Step By StepView Photo Gallery
Our first order of business was to lock up one of the ORU fabricators in the shop overnight with instructions to build a cool and unique front bumper. Upon opening the shop the next morning, we found that the results were outstanding as the new bumper completely transformed the look of the front of the truck.
The next step was to mount and wire up a Ramsey Platinum 9500 winch onto the new front bumper. We doubt that we will ever need it but it is always nice to know that it’s there.
Out back another custom-fabricated bumper was also built. It helps protect the rear, offers a little better departure angle, and looks better than the plain-Jane stocker.
Off Road Unlimited wanted to keep the interior clean and simple, yet custom at the same time. To accomplish this and to save time, it was decided to make minimal changes. The only modification was to remove the dashboard and install Auto Meter gauges into it.
After the gauges were hooked up, the dash was fitted back into place. The three gauges pictured here mount where two air-conditioning vents used to be. The other two (the speedo and the tach) are housed where the instrument panel used to be.
Wiring also presented ORU with yet another problem to solve. Modern vehicles come with miles of wire and our Dakota was no exception. The dilemma was how to have all of the electrical accessories, such as the windows and lights, function properly and cleanly run the wiring. The crew at ORU traced the wires to determine their function, removed the useless ones, and hid all the rest in the body.
To feed the monster 585hp Mopar Performance 500ci engine, we got a drum of 110-octane (also available in 100, 114, and 118 octane) 76 race gas from Lee Guenveur’s Performance Products & More. While the engine can run on 92 octane, we just love the smell of race gas. Red Line synthetic oils, also from Lee Guenveur’s, were also used in the transmission, transfer case, engine, and differentials.
To supply the juice for the brakes, a big master cylinder off a Chevy was grafted into position. It was then mated to a Hydro-Boost unit that supplied the necessary boost to the four-wheel disc brakes.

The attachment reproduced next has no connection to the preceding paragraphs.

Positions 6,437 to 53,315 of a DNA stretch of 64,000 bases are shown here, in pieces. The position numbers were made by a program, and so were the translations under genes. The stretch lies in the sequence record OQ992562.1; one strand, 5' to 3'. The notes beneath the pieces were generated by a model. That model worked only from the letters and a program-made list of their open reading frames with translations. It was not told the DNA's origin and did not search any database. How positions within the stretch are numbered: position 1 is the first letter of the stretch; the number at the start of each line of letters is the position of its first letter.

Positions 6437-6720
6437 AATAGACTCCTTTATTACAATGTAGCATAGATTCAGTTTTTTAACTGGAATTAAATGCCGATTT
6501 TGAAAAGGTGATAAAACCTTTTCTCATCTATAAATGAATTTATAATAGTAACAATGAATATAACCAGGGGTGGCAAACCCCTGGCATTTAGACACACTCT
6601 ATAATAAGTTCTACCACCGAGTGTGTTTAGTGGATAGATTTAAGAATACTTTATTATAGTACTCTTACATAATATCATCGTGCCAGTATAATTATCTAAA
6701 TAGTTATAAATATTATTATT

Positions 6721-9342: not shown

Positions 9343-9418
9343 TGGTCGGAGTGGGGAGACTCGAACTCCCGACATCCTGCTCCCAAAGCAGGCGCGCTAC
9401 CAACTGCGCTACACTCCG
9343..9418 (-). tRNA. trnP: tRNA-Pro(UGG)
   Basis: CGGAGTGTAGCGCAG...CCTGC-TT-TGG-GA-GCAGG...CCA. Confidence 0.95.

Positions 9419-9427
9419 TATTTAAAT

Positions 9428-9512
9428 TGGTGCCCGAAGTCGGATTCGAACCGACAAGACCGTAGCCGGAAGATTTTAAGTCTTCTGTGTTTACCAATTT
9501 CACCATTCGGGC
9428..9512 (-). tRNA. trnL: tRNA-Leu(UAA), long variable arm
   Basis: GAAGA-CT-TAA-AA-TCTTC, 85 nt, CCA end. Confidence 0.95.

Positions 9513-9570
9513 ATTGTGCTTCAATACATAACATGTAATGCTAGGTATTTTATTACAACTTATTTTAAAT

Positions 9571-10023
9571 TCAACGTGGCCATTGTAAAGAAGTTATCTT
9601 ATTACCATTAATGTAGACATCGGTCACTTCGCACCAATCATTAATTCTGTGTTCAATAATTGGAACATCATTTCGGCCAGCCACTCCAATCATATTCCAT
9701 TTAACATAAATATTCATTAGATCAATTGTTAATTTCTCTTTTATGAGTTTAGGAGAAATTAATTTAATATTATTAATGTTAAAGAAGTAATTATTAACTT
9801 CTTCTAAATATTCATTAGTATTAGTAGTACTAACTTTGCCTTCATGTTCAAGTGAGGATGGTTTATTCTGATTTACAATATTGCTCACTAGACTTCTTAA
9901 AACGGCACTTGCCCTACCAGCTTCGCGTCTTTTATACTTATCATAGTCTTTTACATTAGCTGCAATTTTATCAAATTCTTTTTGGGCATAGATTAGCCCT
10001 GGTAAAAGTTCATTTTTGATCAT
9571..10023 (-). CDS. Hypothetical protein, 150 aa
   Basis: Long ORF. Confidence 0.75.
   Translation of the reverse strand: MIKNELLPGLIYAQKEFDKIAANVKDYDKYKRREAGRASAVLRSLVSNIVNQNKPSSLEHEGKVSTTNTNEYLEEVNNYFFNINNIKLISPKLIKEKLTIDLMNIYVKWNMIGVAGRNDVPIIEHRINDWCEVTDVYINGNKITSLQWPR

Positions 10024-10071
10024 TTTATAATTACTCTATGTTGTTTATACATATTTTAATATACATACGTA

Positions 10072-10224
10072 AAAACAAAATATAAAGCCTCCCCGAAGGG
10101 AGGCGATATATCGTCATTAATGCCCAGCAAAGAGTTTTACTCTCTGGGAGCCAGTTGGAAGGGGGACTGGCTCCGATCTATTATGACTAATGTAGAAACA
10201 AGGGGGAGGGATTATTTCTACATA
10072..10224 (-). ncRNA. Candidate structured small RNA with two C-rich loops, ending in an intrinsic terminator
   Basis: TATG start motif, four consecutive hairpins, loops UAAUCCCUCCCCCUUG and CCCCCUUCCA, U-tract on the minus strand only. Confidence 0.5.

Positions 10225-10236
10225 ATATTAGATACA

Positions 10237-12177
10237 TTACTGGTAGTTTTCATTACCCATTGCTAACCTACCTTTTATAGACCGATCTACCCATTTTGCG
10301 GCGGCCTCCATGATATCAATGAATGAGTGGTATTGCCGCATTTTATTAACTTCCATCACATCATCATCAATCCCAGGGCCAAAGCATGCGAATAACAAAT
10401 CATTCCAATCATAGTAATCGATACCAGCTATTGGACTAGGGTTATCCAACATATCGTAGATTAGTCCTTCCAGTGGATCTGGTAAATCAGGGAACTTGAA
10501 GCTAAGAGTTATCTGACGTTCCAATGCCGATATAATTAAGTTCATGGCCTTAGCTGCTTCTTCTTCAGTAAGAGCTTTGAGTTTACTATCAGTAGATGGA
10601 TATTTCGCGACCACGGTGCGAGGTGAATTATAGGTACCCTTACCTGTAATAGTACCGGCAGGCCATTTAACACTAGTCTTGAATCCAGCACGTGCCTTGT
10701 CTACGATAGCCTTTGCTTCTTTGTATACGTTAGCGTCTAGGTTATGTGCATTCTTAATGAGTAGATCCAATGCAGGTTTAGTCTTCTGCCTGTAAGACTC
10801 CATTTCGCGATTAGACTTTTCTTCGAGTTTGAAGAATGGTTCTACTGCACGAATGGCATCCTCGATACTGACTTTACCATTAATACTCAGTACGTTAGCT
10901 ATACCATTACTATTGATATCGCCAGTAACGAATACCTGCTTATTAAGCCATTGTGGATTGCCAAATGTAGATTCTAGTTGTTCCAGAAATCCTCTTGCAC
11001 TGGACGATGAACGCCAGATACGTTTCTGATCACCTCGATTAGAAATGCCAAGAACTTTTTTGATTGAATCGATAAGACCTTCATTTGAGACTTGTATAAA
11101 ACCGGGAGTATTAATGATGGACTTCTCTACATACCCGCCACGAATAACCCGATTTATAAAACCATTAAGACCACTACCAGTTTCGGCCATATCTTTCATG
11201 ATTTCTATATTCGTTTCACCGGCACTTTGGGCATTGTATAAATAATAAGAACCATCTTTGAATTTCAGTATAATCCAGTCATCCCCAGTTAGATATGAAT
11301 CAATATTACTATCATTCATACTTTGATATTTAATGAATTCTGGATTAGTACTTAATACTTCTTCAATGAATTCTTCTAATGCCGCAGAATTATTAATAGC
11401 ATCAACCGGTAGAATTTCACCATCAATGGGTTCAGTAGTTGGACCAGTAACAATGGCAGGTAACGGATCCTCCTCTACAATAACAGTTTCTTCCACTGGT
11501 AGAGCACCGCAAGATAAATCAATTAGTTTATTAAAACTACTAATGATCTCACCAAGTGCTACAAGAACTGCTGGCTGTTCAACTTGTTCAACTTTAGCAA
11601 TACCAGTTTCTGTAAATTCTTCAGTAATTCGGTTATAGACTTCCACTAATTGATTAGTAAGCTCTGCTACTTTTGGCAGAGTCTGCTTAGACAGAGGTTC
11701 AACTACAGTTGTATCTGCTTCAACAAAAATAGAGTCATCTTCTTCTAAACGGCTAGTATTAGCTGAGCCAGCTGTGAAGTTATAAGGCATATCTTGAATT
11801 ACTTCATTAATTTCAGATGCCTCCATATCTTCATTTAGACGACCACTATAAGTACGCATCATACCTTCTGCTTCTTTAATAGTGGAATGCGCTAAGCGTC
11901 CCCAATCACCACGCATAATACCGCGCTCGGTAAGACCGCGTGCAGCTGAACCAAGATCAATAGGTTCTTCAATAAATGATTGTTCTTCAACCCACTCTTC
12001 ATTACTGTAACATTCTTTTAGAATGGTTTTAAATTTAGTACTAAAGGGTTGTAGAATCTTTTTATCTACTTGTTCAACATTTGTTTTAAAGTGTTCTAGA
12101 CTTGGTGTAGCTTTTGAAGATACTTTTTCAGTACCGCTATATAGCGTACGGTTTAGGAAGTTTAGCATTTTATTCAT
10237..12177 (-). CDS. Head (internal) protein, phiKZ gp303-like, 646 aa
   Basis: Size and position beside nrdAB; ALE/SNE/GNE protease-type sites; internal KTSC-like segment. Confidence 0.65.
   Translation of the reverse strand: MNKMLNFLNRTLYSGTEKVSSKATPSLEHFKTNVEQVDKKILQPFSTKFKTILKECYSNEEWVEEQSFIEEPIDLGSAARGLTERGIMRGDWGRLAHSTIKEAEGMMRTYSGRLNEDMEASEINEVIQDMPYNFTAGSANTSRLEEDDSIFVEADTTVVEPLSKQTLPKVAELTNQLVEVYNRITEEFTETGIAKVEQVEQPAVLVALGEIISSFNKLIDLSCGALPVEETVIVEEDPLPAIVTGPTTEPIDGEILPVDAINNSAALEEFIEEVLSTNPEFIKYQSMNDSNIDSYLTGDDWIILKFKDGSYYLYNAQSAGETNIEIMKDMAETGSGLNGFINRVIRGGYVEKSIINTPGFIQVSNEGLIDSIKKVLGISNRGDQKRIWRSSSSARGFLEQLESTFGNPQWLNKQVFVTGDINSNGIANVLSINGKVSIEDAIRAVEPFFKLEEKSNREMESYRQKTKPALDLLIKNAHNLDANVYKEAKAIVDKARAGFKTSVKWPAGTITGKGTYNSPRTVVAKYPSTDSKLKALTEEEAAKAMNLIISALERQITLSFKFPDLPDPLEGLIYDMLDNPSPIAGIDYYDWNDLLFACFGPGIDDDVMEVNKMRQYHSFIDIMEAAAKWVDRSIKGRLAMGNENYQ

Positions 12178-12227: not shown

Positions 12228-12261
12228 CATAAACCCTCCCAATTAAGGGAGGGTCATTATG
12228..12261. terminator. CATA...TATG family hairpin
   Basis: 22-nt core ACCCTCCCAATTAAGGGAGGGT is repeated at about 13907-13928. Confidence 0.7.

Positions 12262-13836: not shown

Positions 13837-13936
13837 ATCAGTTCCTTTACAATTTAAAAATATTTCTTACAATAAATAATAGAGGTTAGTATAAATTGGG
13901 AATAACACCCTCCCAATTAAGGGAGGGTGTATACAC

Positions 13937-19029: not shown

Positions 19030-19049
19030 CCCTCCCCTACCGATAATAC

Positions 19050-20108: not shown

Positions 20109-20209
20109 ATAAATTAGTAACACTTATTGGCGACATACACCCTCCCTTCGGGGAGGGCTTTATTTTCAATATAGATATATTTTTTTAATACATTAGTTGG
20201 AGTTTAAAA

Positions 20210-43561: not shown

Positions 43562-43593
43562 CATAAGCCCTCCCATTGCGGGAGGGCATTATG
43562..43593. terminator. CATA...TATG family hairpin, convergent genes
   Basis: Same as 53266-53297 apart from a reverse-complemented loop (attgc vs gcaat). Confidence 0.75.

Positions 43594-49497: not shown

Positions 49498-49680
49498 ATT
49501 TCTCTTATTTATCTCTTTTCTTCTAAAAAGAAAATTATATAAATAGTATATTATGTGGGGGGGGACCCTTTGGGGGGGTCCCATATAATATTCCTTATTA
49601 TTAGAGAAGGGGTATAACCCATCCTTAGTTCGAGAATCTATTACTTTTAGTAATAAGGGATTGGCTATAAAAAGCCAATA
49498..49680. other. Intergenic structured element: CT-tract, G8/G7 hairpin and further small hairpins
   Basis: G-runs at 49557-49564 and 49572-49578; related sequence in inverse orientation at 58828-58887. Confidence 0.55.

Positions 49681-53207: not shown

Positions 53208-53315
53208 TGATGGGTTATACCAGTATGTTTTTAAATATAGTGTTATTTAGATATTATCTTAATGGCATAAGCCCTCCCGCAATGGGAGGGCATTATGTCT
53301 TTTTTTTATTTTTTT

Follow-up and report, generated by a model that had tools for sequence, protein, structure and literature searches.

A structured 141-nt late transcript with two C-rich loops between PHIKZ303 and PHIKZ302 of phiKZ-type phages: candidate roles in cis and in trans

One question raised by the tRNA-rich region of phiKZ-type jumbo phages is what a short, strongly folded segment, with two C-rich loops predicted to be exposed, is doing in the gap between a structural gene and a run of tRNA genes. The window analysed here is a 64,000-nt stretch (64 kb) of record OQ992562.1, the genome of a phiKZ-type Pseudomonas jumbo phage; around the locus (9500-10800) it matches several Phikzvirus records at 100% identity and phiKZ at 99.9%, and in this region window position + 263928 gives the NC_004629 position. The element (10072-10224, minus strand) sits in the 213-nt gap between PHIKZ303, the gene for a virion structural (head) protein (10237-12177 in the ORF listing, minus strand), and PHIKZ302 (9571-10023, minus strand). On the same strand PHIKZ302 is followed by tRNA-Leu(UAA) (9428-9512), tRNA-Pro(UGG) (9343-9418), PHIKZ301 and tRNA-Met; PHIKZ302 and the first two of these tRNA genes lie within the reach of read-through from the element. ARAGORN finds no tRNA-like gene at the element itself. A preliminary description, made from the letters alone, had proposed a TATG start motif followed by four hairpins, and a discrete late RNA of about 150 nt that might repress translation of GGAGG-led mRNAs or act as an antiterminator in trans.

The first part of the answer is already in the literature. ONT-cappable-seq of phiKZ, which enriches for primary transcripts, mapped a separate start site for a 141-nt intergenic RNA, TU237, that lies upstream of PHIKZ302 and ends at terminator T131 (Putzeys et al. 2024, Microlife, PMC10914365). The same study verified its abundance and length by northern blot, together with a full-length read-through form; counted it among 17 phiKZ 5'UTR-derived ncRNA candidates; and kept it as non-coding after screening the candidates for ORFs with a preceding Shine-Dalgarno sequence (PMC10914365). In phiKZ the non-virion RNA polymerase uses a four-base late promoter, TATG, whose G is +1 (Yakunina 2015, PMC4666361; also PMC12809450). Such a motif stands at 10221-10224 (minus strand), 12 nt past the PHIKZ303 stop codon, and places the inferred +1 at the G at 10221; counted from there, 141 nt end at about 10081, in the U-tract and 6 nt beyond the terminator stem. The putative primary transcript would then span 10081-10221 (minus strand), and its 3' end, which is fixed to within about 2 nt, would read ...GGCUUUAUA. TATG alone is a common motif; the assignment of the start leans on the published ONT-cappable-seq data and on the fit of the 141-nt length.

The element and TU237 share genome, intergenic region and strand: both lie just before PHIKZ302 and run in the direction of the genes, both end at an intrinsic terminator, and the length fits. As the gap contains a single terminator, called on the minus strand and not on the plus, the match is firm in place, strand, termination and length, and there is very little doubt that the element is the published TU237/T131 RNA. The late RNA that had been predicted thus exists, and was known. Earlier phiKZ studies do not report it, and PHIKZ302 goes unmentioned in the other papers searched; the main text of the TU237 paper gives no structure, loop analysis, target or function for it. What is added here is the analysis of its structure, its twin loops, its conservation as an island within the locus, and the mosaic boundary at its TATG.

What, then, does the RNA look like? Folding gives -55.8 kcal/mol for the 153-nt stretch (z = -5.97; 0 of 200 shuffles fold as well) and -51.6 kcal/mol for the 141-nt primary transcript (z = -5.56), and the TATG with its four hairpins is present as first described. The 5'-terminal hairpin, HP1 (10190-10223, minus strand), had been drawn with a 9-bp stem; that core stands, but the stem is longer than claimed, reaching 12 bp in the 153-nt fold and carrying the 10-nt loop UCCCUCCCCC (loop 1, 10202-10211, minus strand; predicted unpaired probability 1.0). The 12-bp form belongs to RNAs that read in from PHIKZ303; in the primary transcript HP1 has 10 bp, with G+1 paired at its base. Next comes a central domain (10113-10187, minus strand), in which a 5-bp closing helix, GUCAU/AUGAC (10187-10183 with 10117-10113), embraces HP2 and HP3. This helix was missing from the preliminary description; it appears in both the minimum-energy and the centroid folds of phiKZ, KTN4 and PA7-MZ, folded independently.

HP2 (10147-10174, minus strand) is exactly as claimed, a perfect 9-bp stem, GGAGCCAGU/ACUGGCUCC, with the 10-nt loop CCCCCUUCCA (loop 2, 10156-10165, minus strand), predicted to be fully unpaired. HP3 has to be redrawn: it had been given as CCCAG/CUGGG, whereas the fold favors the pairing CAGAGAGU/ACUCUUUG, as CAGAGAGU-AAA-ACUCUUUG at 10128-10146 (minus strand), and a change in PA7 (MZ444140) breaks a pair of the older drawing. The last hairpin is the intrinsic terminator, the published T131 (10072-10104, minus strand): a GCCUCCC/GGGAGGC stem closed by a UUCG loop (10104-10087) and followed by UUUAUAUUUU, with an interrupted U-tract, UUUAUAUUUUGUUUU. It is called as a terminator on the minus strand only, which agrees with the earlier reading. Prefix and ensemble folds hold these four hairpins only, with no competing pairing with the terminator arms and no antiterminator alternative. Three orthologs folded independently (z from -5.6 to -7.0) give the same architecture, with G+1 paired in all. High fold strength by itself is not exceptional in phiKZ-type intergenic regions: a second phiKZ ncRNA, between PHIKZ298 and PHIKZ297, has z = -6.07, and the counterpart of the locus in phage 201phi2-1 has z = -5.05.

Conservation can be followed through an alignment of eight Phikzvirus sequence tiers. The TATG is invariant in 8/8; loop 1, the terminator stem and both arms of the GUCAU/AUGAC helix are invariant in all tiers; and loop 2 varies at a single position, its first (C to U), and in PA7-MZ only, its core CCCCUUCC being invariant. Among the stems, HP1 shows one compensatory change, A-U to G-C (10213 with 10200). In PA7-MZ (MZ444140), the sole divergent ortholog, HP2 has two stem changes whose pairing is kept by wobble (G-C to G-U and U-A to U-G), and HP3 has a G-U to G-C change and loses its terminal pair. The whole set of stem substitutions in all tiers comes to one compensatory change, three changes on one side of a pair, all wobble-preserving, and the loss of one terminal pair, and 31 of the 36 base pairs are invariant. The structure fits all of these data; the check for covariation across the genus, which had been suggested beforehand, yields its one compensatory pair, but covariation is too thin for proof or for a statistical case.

Plumbing brake and fuel lines was also another time-consuming task that had to be performed in the last days of the buildup. Getting the bends just right and having the tube be the correct length required plenty of patience and skill.
Another aspect of plumbing the Dakota was to obtain all the correct fittings for the lines. Before starting, the whole plumbing system was drawn out on paper along with what fittings would be needed. Off Road Unlimited then came up with a shopping list and a parts run was made down to Earl’s Performance Products to obtain all the fittings.
Instead of waiting around to receive shipment of a fuel cell and then making all the necessary brackets and mounts for it, ORU decided to make one themselves which perfectly fit the Dakota. A small hole was then cut through the bed to be able to fill it with fuel.
The decision was made to mount the 39.5-inch spare Bogger on the roof. Once again, out came the tube bender and TIG welder and this one-piece-tube unit was built. A Con Ferr rack was then mounted up top upon which the spare would mount.
To help support and distribute the weight of the massive spare, these brackets were made and attached to the roof of the cab. Rubber snubbers were then attached to the bottom of the rack to help prevent damage should the roof ever make contact with the rack.
Another trick piece to find its way onto the Dodge was this power steering filter from Lee Manufacturing. It mounts anywhere and then screws apart allowing for the element inside to be replaced.
Whoever said "it is all in the details" was right on the money. With our radical drivetrain installed and our completely custom suspension fabricated, it was time to turn our attention to the final items remaining on the truck. While short on time, we knew that cheating on the details could quickly transform our one-off wonder into a hack job. Besides appearance items that needed to be fabricated, such as bumpers and the like, there were also plenty of tasks that still needed to be finished so that the big Dodge would run. These included plumbing, wiring, building a gas tank, and all kinds of other little chores. Lots of time could have been saved here but plenty of people would be crawling around under the truck and we wanted them going away in awe. Once again, it's all in the details.
Luckily, we knew from hanging out with Maurice Rozo and the crew at Off Road Unlimited (ORU) for the past three weeks until the wee hours of the morning that there wouldn't be any problems. They had already proven to us that they were up to the challenge. The tube benders and TIG welders were fired up while the rest of the crew went about finishing the truck. We were as giddy as teenage girls with Backstreet Boys concert tickets as our baby neared completion, but secretly we wondered if the big Dakota would be ready for its unveiling at the SEMA show.
However, Maurice continually told us it wouldnt be a problem and hadnt been wrong in the past so we tried not to worry. The work continued at a feverish pace and, much to our delight, the Dakota was completed with a day to spare and came out absolutely awesome. Stay tuned for the next installment where we prove that this thing actually works!